The Isle of Man can’t balance its books – maybe it should raise some tax

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It was budget day in the Isle of Man yesterday, and as Energy FM reported:

The Island needs to dip into its reserves to balance the budget.

This year the Isle of Man is suffering a loss of £48m from changes to the VAT sharing agreement.

he government plans to transfer £55m from reserves, despite what it calls 'considerable progress to reduce departmental budgets.'

There are also plans to make withdrawals from the reserves in the next two budgets, before rebalancing in 2015.

The Isle of Man has had more than two years to plan for this VAT reduction now, since the UK announced it was going to withdraw is massive VAT subsidy to the island following my exposés on the subject on this blog. What is very evident is that it does not know how to make its books balance without this subsidy - as I always suggested would be the case. The reality always was that the Isle of Man could only afford to be a tax haven because the UK paid for it to be so.

And don't get fooled by the 'balanced in three years' ruse - all finance ministers say that. What it means is they can only ever forecast two years hence so all their wishes are fulfilled in three years time. George Osborne suffers from the same malaise. The reality is that what this really means is they have no idea how to make their books balance, now or at any time in the future.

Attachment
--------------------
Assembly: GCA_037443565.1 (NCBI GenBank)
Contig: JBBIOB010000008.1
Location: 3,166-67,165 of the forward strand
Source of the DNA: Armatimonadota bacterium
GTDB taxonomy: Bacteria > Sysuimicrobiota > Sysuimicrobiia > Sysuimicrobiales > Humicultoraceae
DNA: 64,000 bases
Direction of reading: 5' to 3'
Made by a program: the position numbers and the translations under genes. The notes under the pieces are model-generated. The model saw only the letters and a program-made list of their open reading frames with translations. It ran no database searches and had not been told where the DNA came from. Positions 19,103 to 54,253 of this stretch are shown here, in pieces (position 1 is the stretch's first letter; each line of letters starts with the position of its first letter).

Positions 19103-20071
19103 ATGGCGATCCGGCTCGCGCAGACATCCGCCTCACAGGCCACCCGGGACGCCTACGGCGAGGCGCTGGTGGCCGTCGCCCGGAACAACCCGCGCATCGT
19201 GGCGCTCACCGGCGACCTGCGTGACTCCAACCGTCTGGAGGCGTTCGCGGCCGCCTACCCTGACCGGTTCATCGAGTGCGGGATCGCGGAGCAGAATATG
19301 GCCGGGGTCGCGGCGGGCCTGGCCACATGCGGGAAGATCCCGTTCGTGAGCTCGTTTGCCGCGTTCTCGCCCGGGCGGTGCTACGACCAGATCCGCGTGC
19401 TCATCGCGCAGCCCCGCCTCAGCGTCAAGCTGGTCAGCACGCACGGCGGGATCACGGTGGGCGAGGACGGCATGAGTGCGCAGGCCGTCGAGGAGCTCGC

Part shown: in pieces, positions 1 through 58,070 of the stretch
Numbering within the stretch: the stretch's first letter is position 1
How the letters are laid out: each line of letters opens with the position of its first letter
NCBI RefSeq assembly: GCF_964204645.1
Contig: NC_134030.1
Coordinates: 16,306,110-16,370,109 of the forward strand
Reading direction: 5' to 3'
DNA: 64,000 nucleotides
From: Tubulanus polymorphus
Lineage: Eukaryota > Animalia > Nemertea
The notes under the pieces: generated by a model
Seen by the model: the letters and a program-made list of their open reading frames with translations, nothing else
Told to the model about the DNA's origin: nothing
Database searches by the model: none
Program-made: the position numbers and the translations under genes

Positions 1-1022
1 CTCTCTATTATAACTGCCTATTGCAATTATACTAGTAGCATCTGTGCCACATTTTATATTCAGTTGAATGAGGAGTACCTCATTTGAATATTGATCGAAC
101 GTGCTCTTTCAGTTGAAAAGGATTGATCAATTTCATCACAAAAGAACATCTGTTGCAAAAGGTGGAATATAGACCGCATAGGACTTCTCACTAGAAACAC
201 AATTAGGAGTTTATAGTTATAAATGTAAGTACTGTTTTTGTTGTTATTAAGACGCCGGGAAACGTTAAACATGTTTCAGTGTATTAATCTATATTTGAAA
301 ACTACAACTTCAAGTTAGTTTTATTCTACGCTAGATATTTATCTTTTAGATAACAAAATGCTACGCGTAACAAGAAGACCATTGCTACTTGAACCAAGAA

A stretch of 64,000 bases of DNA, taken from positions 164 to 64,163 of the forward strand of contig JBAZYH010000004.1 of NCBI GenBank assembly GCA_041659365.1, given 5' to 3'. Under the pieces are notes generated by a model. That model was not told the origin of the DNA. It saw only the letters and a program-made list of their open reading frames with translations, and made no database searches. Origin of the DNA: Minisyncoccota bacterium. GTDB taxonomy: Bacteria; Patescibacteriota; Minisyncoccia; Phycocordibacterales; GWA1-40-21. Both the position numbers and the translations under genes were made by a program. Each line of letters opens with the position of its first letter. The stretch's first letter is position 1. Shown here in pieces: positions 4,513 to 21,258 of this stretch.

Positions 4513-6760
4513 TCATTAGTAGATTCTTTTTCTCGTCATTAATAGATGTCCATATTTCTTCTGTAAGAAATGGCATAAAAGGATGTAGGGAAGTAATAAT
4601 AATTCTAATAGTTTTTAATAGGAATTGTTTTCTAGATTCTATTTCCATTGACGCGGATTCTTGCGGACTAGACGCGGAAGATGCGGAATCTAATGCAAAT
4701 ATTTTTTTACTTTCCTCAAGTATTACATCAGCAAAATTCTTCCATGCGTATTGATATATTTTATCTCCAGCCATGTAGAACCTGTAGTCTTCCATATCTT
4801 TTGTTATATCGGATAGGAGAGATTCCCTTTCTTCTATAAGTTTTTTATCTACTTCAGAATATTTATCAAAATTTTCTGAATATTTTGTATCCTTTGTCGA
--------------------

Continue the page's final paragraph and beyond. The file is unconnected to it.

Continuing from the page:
So let me offer a simple suggestion to them: try raising some tax. It helps pay for the services your electorate want. It's not rocket science and it's what you'll have to do. The only slight trouble is, it would shatter the tax haven image. And right now the Isle of Man would rather raid the reserves than do that. But as I've always asked, how long can they risk doing that?